The aim of the present invention is a process for preparing a bitumen-polymer composition which comprises contacting with each other, at a temperature between 130° and 230° C., 80 to 98% by weight of a bitumen presenting a penetration value between 30 and 220, and 20 to 2% by weight of a block copolymer, with an average molecular weight between 30 000 and 300 000 having the theoretical formula Sx - By in which:
S corresponds to the styrene structure groups,
B corresponds to the conjugated diene structure groups,
x and y are integers,
stirring the obtained mixture for at least two hours, then adding 0.1 to 3% by weight of sulphur with respect to the bitumen and maintaining the mixture thus obtained under agitation for at least 20 minutes.
All bitumens and natural and synthetic asphalts, possibly air or steam blown can be used as the bitumen-polymers of the invention. The choice of the degree of penetration will depend essentially on the particular application for which the bitumen-polymer is to be used.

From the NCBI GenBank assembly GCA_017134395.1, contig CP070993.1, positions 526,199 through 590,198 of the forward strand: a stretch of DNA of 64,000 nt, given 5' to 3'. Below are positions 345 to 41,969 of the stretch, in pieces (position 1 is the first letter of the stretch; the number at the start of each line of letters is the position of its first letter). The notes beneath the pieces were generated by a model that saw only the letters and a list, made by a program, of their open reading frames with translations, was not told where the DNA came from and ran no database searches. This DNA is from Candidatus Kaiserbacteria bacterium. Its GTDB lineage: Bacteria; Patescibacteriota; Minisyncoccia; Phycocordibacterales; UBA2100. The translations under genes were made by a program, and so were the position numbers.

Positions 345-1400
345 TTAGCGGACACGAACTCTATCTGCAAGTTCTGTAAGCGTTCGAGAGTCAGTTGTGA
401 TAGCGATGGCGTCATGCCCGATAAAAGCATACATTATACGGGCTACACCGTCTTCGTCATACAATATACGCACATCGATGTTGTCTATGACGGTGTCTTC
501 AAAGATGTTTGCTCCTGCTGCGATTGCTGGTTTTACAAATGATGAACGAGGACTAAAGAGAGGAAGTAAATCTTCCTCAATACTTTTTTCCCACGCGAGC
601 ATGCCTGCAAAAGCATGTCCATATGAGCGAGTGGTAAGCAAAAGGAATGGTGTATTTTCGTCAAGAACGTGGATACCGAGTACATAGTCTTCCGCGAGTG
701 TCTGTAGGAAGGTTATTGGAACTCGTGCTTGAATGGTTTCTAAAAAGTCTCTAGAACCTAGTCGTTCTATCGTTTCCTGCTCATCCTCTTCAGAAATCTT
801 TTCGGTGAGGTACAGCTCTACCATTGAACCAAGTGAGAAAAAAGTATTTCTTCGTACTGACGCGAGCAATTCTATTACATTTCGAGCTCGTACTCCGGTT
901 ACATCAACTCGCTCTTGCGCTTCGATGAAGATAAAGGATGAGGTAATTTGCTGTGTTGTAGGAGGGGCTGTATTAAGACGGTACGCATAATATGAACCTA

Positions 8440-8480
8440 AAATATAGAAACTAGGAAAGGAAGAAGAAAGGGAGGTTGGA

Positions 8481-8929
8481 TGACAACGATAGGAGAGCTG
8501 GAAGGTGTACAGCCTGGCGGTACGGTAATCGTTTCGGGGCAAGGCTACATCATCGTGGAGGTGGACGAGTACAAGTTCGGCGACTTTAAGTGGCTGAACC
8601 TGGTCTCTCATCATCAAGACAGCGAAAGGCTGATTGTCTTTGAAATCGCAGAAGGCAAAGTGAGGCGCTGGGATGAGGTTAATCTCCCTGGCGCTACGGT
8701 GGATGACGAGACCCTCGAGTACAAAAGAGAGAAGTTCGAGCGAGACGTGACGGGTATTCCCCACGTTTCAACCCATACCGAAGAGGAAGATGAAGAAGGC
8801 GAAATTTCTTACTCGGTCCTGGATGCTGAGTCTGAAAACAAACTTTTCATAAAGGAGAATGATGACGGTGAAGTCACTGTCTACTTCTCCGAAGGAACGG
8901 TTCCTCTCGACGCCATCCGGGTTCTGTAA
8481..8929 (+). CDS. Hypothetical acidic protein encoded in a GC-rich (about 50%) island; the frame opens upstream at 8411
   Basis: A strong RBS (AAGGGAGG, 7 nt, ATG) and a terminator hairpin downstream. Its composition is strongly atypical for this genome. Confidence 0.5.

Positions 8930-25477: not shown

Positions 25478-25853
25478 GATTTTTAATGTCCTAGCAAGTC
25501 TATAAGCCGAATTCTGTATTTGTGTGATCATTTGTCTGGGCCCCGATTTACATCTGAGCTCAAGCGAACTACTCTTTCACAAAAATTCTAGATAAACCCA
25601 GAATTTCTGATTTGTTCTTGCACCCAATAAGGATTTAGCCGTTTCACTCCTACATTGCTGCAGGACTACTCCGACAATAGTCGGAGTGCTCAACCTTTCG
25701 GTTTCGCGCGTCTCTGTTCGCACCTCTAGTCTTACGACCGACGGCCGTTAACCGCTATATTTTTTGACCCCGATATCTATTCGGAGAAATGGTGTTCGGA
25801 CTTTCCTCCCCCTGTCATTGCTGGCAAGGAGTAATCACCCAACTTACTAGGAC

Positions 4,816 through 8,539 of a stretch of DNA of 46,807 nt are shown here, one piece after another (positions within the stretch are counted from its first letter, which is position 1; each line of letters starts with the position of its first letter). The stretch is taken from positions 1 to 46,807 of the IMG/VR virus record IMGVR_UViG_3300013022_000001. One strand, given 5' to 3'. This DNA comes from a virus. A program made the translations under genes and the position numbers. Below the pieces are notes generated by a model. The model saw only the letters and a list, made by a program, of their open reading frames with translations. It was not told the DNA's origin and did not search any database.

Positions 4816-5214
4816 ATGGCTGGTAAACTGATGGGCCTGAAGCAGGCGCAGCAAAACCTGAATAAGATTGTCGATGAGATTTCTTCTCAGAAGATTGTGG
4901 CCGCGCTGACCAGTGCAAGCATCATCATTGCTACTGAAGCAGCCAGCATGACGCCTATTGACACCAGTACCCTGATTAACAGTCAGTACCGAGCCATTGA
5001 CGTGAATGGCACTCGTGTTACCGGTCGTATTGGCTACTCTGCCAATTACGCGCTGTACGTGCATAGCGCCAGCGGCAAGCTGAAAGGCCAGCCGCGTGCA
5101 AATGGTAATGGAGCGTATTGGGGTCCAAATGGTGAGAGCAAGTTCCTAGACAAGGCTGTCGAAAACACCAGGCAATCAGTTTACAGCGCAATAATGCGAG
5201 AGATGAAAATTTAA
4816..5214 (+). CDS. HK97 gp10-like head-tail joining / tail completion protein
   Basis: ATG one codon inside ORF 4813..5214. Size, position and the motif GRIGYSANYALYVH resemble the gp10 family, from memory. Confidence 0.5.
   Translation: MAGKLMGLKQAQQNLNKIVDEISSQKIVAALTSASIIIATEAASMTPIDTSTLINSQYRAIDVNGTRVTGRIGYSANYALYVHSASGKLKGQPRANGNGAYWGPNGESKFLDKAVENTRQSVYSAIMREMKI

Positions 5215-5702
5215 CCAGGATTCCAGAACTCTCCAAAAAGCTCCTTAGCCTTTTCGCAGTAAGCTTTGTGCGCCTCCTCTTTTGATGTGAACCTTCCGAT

The copolymers used in the process according to the invention are block copolymers comprising styrene groups and conjugated diene groups. For example, the conjugated diene groups can be, among others, butadiene and isoprene. Needless to say the copolymer can contain several different conjugated diene groups.
The mixing of the styrene-diene block copolymer and the bitumen takes place under conditions which assure an excellent homogeneity. The temperature is usually between 130° and 230° C. so that the components are sufficiently fluid. Furthermore, the mixture must be maintained under agitation for at least two hours, and preferably more than three hours, in order to assure complete solubilization of the copolymer by the bitumen. This step is usually limited to five hours for obvious economic reasons although theoretically there is no superior time limit.